Bhain muinn anuraidh é is bhain muinn i mbliana é,
Is de réir ’s mar chluinimse bhain muinn ariamh é.
My branch is the branch of the fairy women,
hey to him who takes her home, hey to her;
The branch of the lasses and the branch of the lads,
hey to him who takes her home, hey to her.
The branch of the maidens made with pride (etc.)
Hey, young girls, where will we get her a spouse (etc.)
We will get a lad in the town for the bride,
A dauntless swift and strong lad,
Who will bring this branch through the three nations,
From town to town and back home to this place,
Two hundred horses with gold bridles on their foreheads,
And two hundred cattle on the side of each mountain,
And an equal amount of sheep and of herds,
O, young girls, silver and dowry for her,
We will carry her with us, up to the roadway,
Where we will meet two hundred young men,
They will meet us with their caps in their ﬁsts,
Where we will have pleasure, drink and sport,
Your branch is like a pig in her sack,
Or like an old broken ship would come into Carlingford,
We can return now and the branch with us,
We can return since we have joyfully won the day,
We won it last year and we won it this year,
And as far as I hear we have always won it.
Translation: P.Ní Uallacháin
© Oriel Arts 2017
The air is the Cooley version of the air of Cuacha Lán de Bhuí collected by Pádraig Ó hUallacháin. This air, and versions of it, was the same as that was sung to Ag an Phátrún (At the Pattern) and Amhrán na Craoibhe (The Garland Song) – ‘a cuirtear leis an scoith céadna’ (set to the same air): Amhráin Chúige Uladh 1927,30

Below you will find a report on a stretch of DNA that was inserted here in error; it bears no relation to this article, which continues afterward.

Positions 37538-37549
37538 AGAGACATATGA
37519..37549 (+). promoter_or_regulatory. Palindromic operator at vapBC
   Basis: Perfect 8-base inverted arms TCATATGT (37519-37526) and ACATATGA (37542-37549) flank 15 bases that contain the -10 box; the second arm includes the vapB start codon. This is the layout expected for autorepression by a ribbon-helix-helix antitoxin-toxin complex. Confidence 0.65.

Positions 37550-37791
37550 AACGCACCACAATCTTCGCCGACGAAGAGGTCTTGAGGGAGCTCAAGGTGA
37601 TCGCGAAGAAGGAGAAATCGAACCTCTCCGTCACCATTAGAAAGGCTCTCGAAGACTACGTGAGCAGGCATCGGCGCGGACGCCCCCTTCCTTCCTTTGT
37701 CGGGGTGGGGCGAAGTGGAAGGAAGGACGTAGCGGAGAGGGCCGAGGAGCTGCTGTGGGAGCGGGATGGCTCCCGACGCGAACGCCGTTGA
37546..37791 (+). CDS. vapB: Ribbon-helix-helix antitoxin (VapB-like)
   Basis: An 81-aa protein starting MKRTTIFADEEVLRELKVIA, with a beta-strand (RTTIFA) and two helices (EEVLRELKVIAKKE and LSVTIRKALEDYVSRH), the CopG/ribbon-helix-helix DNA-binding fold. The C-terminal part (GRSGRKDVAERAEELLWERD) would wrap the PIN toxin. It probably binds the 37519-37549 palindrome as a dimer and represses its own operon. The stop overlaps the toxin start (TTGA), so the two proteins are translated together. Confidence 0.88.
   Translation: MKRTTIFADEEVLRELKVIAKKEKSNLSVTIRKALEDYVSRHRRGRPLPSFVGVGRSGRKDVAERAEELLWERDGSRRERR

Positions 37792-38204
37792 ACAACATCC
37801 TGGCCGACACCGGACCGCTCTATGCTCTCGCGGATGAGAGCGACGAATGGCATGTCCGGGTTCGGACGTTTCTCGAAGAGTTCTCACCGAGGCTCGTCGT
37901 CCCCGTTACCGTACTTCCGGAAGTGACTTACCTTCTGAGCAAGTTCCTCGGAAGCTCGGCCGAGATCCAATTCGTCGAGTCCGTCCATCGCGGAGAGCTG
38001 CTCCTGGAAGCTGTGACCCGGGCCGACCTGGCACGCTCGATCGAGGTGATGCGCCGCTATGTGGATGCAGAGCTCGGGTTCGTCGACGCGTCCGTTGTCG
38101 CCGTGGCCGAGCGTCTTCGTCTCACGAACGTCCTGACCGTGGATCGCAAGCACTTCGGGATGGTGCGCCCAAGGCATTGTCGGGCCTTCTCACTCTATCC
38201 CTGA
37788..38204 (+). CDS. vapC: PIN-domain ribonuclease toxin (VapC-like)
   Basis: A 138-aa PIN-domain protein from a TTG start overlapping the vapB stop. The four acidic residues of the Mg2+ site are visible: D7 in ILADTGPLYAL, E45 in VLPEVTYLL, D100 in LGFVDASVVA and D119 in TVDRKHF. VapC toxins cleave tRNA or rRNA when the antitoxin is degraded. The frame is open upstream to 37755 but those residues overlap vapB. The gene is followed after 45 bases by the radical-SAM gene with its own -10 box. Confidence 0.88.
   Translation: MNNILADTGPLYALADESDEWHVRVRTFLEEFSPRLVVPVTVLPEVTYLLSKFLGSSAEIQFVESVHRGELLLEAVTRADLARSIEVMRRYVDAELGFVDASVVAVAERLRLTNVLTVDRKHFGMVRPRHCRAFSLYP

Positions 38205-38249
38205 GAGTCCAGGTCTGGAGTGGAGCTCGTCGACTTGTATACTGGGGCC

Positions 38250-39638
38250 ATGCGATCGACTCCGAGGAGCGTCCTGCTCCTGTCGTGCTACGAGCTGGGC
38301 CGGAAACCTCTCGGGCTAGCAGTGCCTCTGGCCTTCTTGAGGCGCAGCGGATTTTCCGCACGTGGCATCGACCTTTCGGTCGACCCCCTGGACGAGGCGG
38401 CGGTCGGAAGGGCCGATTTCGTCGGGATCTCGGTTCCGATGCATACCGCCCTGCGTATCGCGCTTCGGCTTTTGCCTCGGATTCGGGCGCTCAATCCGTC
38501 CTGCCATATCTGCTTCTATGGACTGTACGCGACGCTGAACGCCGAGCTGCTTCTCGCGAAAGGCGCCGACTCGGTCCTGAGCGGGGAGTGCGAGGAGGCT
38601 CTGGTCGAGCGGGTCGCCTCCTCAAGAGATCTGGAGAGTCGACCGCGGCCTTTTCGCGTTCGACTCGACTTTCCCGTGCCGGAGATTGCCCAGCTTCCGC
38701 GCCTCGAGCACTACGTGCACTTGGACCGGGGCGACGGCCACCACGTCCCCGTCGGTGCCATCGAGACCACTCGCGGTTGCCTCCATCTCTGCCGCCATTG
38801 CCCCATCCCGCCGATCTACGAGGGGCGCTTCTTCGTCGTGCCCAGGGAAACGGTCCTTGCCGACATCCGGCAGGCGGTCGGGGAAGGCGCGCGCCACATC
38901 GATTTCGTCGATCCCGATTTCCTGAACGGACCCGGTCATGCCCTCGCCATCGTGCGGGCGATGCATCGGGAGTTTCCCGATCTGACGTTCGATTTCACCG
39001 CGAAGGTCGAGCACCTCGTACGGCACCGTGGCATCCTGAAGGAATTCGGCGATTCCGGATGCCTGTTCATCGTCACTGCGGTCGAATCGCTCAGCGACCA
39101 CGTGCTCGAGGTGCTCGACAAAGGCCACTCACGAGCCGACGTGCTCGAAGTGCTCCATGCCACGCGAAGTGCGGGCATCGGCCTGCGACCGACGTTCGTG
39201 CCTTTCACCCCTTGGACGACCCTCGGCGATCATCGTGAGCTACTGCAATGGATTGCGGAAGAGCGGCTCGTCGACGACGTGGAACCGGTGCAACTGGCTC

This category of song probably had its origins in the medieval French carole which found its way into the song tradition from the coming of the Normans in the twelfth century to the middle of the ﬁfteenth century. The carole was a light love song with refrain to be danced to in the form of a round, with one person leading the song and the rest collectively singing the refrain and dancing in a line or a circle at the same time.
The rinceadh fada (long dance) was recorded as being a ‘sacred dance of the Irish at Beil-tinne like dances recorded of Phoenicia and Assyria.’Breandán Breathnach noted that the carole consisted of a verse sung by a chanter or leader and a refrain sung by the rest of the group who danced round with simple steps in a ring following the leader. (AHU p.104)
The airs belonging to the carole category of song, which would have evolved primarily for collective singing and dance, are usually very simple and repetitive melodies. Musicologists and practitioners, who usually regard these melodies as being of lesser value than the airs composed for songs in the more sophisticated amhrán metre from the seventeenth century onward, have frequently misunderstood them. Seán Ó Tuama, in a study of Irish language song, An Grá in Amhrán na nDaoine, observed that the metrical forms employed by the carole in France were usually A+C (one line with refrain) or 2A+C (two rhyming lines with refrain) or 3A+B+C (three rhyming lines with cauda and refrain) and that the ﬁrst two forms were linked with the most primitive type of carole which has been traced back to women’s ancient dances at Maytime. He also notes that many of the examples of the A+C form, extant today, are also songs linked with the coming of summer. In Amhrán na Craoibhe we have the metrical form of A+C and its refrain beginning with heigh. The hye in French or hey in English were vocables marking a stamping action in the refrain of the carole.
© Oriel Arts 2017